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I think the decline in the opportunity to fish shore lines is one of the reasons for kids are not fishing so much. I grew up fishing a lot. In my 40’s now and some of my most enjoyable times is wading in cut offs and tennis shoes fishing bass. Lived across the street from White Bear Lake in the 70s and 80s and was fortunate to have neighbors that would give you access to fish. Fishing out of boats is too restrictive for kids. Fishing/appreciating the outdoors starts when you wade shoreline fishing but in a few minutes the poles are down and you turning rocks for crayfish ECT. with your buddy. Video games are not to blame…. that’s just a crutch for a lack of time with kids. As a father of a 12 year son it kills me to see how little time these kids are allowed now days to be kids and to have time alone with a friend or two. I have fished hard, got the skin cancer to prove it. (good type) caught some nice fish but have to look at an album to remember specifically, but the stories of the stuff that went on with a good friend or two while fishing fill my head. To me the story here is not the loss of fishermen, but the lost opportunities to fill their head with memories.

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I also believe that is the exact reason why less kids are getting into fishing these days. I'm not too old but closing in on the 30. All my younger cousins and their friends don't enjoy going fishing,sitting there for that bobber to go under, or the constant casting in hopes of a nice fish to return on the other end. I strongly believe its the loss shoreline fishing. I grew up in wisconsin and almost all the lakes or rivers where could hit the shorelines. And what an adventure that would be. They lose that touch of being in the outdoors and really getting to enjoy fishing. Almost all the lakes that you can fish from shore only has dock which probably has 6-7 other people on it. Not to mention mad weed growth in every direction you turn. I'm also scared enough of wacky peeps who fling their lure without looking back. Losing that shoreline capality loses their real experience of the fishing world. All my buddies my age, who used to walk miles along the river/lakes, looking for that perfect spot to cast to, or throw that creek chub we caught for bait into, are all hooked on fishing. The majority of kids these days are careless about the outdoors, they rather hit the mall, partys, and things that don't involve the outdoors. I've tried taking a bunch of teenagers fishing and it only lasted about 15 minutes until they got bored and wanted to leave. Pretty sad.

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I think this is a great discussion. Hopefully the MPR dude is still monitoring all of the thoughts and comments. I still think that there are two issues here:

1) Should we or shouldn't we encourage more people to fish

2) If we should, then why aren't younger people fishing.

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too many parents pushing their kids in hockey, soccer, basketball, volleyball, softball, etc. so the kids can either get a scholarship,(as if that is realistic), or so the kids can fulfill whatever dreams the parents couldnt accomplish when they were young. if you play any one of these sports and want to be competative, you must practice year round, get on traveling teams and compete nearly every weekend. with time short during the weekday and weekends chewed up being a hockey or swimming parent there is little time to get out and do other things with the kids on a consistent basis. a coach wanted my 7 year old daughter for a traveling soccer team last summer and i just had to say no. i may be wrong, but it seems to me that it is more fun to be a kid and do lots of different things other than practice soccer 4 times a week and travel to tournaments every weekend when you are 7.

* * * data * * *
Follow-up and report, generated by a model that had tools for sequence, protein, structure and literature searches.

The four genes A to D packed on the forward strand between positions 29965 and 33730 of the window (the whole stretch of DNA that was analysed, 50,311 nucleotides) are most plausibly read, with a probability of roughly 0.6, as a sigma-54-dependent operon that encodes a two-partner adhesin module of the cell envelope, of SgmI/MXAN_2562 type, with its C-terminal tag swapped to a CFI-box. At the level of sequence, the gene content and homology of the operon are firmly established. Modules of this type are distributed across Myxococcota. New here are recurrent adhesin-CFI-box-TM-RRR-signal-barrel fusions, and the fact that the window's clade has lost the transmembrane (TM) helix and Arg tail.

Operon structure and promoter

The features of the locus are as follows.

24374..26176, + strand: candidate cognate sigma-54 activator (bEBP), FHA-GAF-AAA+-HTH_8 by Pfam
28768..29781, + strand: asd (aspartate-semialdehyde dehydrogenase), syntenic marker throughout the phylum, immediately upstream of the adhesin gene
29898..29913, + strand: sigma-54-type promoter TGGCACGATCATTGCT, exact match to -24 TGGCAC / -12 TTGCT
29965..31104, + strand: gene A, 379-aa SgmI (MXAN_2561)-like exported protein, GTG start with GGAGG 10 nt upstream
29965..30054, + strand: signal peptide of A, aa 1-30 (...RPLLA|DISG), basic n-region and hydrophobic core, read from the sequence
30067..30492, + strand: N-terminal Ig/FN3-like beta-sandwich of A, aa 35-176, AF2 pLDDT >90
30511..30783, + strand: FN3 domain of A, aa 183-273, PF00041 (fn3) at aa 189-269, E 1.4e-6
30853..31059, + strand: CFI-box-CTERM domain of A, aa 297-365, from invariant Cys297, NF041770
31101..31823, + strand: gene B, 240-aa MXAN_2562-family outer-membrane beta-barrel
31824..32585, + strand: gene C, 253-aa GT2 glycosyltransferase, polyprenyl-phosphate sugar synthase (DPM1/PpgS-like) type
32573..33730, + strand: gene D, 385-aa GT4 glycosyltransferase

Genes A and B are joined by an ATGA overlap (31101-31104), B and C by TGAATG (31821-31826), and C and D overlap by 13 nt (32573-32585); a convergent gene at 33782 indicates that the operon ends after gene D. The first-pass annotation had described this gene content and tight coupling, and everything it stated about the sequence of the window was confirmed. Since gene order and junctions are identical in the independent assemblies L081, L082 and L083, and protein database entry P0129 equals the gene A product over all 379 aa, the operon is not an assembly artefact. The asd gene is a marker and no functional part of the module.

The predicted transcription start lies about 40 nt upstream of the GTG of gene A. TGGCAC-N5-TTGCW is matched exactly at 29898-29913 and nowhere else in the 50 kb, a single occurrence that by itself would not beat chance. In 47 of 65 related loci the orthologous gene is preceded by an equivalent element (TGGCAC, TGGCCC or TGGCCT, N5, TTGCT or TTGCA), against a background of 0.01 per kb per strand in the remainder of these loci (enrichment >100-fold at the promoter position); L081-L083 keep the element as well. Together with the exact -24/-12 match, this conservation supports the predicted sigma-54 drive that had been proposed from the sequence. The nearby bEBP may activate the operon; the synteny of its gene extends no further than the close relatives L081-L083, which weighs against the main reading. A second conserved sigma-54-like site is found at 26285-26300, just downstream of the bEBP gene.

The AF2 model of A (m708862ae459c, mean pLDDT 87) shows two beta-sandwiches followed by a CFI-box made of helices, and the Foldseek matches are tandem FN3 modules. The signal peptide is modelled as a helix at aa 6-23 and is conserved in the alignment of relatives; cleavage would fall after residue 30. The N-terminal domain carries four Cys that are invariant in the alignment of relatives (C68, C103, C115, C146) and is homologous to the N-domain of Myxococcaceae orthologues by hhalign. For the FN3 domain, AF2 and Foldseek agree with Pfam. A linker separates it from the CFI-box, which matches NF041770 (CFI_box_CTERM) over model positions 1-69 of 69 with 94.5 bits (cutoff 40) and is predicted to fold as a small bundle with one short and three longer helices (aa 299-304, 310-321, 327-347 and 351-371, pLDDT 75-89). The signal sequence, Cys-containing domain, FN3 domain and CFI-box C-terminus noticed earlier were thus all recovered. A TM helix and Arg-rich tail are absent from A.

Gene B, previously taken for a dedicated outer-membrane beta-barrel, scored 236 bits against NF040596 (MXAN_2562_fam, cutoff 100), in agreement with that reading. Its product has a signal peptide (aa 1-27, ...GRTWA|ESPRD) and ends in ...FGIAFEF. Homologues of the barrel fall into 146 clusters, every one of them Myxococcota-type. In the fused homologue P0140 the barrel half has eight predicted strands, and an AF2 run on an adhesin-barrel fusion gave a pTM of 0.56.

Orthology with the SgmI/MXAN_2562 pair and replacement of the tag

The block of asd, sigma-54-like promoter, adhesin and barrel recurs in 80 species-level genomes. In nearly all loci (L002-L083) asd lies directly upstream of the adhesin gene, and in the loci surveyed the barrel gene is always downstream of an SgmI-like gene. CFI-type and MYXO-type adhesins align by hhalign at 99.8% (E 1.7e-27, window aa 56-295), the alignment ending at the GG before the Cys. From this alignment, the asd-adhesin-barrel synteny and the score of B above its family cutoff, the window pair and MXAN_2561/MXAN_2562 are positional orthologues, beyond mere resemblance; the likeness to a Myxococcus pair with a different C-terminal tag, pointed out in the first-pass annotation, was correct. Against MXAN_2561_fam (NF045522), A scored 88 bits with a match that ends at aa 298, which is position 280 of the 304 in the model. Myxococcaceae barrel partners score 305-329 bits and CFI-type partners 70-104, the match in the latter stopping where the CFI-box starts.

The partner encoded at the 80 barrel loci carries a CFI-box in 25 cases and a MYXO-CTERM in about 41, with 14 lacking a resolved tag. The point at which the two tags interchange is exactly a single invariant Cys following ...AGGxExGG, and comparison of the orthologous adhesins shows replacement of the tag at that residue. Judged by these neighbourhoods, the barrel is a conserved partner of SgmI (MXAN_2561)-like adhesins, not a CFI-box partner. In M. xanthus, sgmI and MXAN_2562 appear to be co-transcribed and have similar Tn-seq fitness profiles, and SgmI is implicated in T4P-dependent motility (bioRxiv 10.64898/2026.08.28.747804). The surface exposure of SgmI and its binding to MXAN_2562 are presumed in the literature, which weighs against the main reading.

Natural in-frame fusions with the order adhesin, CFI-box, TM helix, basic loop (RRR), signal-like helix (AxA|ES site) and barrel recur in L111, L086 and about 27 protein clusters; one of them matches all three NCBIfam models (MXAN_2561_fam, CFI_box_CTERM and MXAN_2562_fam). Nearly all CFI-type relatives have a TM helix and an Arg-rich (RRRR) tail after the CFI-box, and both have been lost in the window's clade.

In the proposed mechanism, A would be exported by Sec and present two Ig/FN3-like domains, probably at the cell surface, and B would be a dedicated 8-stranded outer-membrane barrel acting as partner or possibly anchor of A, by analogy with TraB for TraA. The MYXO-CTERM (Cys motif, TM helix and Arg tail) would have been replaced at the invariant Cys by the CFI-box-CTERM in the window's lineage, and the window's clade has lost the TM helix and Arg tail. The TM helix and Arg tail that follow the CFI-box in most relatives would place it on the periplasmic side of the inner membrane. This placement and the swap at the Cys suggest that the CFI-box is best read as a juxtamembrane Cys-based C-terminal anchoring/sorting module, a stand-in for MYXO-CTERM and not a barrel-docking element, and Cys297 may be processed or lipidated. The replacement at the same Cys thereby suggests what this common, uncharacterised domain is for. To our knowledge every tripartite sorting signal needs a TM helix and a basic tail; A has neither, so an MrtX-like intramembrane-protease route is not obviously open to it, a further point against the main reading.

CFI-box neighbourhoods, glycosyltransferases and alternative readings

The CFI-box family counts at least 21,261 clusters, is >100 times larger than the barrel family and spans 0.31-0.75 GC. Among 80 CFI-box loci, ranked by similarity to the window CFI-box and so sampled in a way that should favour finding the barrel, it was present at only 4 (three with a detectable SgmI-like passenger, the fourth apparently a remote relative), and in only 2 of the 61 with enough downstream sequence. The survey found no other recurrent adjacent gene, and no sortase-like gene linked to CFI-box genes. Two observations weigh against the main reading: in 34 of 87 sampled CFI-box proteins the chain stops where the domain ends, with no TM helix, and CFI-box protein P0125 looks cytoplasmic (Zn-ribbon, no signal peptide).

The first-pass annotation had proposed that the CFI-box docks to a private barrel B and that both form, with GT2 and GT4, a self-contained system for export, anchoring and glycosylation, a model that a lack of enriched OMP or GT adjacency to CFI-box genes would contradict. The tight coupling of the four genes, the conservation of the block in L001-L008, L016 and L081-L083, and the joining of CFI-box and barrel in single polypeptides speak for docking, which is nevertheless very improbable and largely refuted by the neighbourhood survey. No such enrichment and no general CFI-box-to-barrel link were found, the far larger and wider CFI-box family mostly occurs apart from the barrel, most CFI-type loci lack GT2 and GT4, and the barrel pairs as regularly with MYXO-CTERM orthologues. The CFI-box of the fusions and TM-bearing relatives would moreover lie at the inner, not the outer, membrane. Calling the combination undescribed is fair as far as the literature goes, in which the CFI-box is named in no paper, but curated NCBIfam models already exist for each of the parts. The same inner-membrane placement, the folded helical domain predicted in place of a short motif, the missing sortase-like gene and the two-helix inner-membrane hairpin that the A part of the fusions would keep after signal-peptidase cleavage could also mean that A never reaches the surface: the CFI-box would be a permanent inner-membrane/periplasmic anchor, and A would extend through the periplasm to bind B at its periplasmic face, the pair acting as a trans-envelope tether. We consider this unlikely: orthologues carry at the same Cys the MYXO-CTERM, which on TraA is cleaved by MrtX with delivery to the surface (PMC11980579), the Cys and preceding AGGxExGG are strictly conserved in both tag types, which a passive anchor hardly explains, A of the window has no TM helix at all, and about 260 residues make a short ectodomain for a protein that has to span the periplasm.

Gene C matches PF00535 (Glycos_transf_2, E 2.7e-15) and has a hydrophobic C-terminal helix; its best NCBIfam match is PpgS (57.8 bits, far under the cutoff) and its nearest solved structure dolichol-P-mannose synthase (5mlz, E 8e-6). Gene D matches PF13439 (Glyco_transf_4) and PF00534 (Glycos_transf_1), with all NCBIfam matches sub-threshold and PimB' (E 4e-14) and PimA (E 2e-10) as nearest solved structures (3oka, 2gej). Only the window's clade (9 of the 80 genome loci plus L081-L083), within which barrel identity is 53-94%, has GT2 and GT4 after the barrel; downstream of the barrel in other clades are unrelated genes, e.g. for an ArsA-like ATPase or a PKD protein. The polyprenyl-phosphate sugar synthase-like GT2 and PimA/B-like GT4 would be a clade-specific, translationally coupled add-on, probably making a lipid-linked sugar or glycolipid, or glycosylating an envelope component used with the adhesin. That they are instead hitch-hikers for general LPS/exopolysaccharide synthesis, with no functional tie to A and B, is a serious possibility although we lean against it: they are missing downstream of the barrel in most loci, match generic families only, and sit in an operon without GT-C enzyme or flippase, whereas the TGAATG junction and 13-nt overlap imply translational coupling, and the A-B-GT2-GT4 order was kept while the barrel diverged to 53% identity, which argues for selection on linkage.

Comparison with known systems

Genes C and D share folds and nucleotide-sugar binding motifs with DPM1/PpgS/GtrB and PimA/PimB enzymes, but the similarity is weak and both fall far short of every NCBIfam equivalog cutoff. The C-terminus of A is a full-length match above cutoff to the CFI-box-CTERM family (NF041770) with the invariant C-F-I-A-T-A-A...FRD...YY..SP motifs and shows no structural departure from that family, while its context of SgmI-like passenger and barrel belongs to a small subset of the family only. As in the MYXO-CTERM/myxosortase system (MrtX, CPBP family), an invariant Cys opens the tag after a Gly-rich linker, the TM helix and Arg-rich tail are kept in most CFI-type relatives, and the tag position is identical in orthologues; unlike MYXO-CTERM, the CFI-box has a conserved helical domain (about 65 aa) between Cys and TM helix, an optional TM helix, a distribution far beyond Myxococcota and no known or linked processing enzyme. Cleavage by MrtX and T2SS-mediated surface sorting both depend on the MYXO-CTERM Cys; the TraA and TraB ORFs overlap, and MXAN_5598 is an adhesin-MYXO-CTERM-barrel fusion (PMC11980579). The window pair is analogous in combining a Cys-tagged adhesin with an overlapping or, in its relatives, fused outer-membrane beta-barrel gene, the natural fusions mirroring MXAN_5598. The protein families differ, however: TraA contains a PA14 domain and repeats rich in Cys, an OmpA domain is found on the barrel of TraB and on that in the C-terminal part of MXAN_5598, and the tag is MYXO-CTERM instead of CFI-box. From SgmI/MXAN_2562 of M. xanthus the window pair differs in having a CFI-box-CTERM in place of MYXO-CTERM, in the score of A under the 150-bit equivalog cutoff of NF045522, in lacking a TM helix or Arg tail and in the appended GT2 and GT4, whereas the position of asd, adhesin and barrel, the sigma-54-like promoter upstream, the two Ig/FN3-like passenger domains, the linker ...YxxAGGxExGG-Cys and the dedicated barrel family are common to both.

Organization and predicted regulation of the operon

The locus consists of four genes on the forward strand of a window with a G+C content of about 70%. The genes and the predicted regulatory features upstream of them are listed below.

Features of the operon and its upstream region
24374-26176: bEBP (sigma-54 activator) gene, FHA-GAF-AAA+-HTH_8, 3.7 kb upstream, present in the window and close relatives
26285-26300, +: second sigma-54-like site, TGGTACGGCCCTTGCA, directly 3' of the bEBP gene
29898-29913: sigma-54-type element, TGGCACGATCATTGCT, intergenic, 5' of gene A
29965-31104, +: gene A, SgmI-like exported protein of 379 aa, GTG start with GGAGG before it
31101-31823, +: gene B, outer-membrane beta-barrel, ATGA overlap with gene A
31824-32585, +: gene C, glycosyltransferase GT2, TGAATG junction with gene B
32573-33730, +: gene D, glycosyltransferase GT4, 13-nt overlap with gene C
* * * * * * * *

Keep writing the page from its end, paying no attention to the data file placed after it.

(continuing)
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I think alot of good ideas and opinions on this thread have tied into why kids fish less these days.

Fishing is just not readily available or accessible to young people. And yes not everyone enjoys fishing. How many of you live by a lake or pond that is readily accessible with game fish? Not just panfish.

There are just too many things today that young people get to experience. When I take my little nephew fishing he is pumped! But an older newphew of mine doesn't really care for fishing even though he's fished, has a fishing pole, tackle box and all. He rather sit there and chat with his buddies or play video games.

Young people today have it good, rather too good and it's just getting better. They have Xbox, Sony Playstation. Ipod and state of the art computers. The entertainment experience is much broader today than it ever was and ever increasingly. What did you have or do as a teen? And think about what is available to young people today? Try to relate to what younger people today are doing and from that find a way to remind them to enjoy the great outdoors so that they don't forget.

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Let's try to remember something...it is NOT GOVERNMENTS job to fullfill peoples activities. If young people don't want to fish, it's up to the PARENTS to steer them in that or a different direction, not the government.

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Quote:

Young people today have it good, rather too good and it's just getting better.


I beg to differ. It's not better, that is just what big business wants you to believe so you will buy their latest products. Stuff like being able to watch TV on your cell phone isn't making anything better. The only thing TV on your cell phone does is make you dumber.

It might be nice to see more young people fish so they can learn to respect our diminishing natural resources. At the rate things are going, I wouldn't be surprised to see 'tonka filled in with concrete for more wal-marts and home depots in 50 years.

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I dont believe that anyone is saying that the goverment should cure these problems. I think we are just debating why younger people are not fishing and enjoying the great outdoors.

The numbers are dropping and I think everyone is wondering why.